Incorporate era similarity in ranking models

Hello together,

recently I played around with the new v4 dataset and tried to create a new ranking model.

During experimentation, I noticed that ranking the rows within an era is relatively “easy”: If the model is trained on lets say half of the data from eraXYZ and then tested on the other half of the same era, which it has not seen during training, it is possible to get (obviously?) really high ranking correlations, sometimes more than 0.3.

I also noticed that said model which was trained on a specific era performs also really well on some other eras, while on some eras, it performs even worse than guessing, as if the sorting mechanics were completely reversed. This is not a really surprising result, but I tried to get a better feel for that, so I made a correlation matrix of the era dependencies to see what is going on.

What you can see here is something like: When the model has positive correlation on eraX, then it has the color coded correlation on eraY, where blue are correlations > 0 and red correlations < 0:

Things are more interesting if the columns are sorted against a specific era, like here, where I sorted it on the 99th used era:


If you look closely, apart from the row that is perfectly sorted, there are a few other rows that show clear “ranking mechanic similarity”, while others seem to be completely reversed.

What I did next was sorting the rows by the strength of this correlation dependency, (correlation of correlation), to see how many other eras are sorted in the same way, as these eras seem to be closely related. This is the one with the most similar eras:

As another example, here is another one sorted against the era with the least similarity to others:

You can think of the latter era as being more “unique” than the first one.

I tried to feed the output of a convolutional neural net that convolutes the entire data set of one era into the ranker model to somehow “identify”, which sorting scheme to use. But in the end, my model really struggles to learn the appropriate sorting scheme.

It somehow also fits the observation that a lot of models keep performing really well for a certain period of time only to sink down in the tournament to be never seen again, so my guess is that most models are more or less “lucky” to perform well on those eras in the training set that are similar to the actual live data era.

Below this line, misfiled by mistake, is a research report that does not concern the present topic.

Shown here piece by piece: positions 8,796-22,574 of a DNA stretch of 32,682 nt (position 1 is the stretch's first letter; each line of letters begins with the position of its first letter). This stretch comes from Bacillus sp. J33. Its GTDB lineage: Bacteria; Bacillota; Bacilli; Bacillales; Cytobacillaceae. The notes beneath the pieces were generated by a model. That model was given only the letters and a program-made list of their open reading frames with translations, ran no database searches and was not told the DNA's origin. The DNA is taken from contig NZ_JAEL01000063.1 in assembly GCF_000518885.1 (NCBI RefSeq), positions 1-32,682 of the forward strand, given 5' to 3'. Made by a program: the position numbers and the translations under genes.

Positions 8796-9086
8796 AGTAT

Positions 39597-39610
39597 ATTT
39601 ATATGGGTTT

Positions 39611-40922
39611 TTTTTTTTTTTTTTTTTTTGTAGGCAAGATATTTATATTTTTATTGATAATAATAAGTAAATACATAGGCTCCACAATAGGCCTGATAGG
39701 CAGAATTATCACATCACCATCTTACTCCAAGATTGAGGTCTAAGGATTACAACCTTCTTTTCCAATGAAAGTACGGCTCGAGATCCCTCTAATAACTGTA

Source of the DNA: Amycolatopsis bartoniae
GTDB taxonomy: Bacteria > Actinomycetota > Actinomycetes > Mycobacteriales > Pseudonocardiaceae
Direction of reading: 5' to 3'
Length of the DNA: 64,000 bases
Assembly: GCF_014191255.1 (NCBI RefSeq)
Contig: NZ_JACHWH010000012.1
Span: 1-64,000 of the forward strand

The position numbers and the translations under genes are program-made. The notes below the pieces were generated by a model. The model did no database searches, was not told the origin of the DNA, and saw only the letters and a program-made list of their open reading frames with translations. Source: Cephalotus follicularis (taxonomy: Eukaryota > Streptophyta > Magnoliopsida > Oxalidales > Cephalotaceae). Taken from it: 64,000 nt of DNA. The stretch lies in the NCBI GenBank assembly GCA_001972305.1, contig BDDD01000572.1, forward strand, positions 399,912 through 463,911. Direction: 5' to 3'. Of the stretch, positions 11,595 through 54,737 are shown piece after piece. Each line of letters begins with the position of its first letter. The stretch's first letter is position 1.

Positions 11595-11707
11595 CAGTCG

What do you think about it? Do you have suggestions about how to incorporate the era similarity into an actual model?

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Hi, I did the exactly same thing and shared it here: Clustering Eras - #7 by sneaky. Currently I’m working with 5 strong clusters of eras. I tried several methods to predict which era fits in which cluster, but IMO it is not possible with tournament data.

I tracked the performance of each cluster by learning a model on each and uploading the models predictions. When I compared the performances with real data like S&P500, VIX, … I found some patterns. But, I doubt we have enough eras to train it.

I did a lot of experiments on this, but never had time to format it and share it in a clear form.

This picture shows the 5 (4) clusters that I found. Each dot represents similarity between two eras. Y and X axis are sorted by clusters.
usefullness_of_eras2

  • Cluster 0, which is the first square of eras in the interval from 0 to +/-120 is cluster of unique eras, that do not fit to any other cluster.
  • Cluster 1, the second square, is the cluster of eras where the market acts predictably, also it is the cluster of eras that are easy to predict and most of the models have high correlations when they occur.
  • Cluster 2 and 4, the third square, originally there were only 4 clusters, but I extended them to 5 and this image is from before.
  • Cluster 3, the last square, this cluster is special, because it is negatively correlated to cluster 1, 2, and 4. The eras within the cluster are the eras that the majority of the tournament models have struggle with.

So I trained a model on each cluster separately and these are their results:

It was evaluated on eras from validation data (V3 version)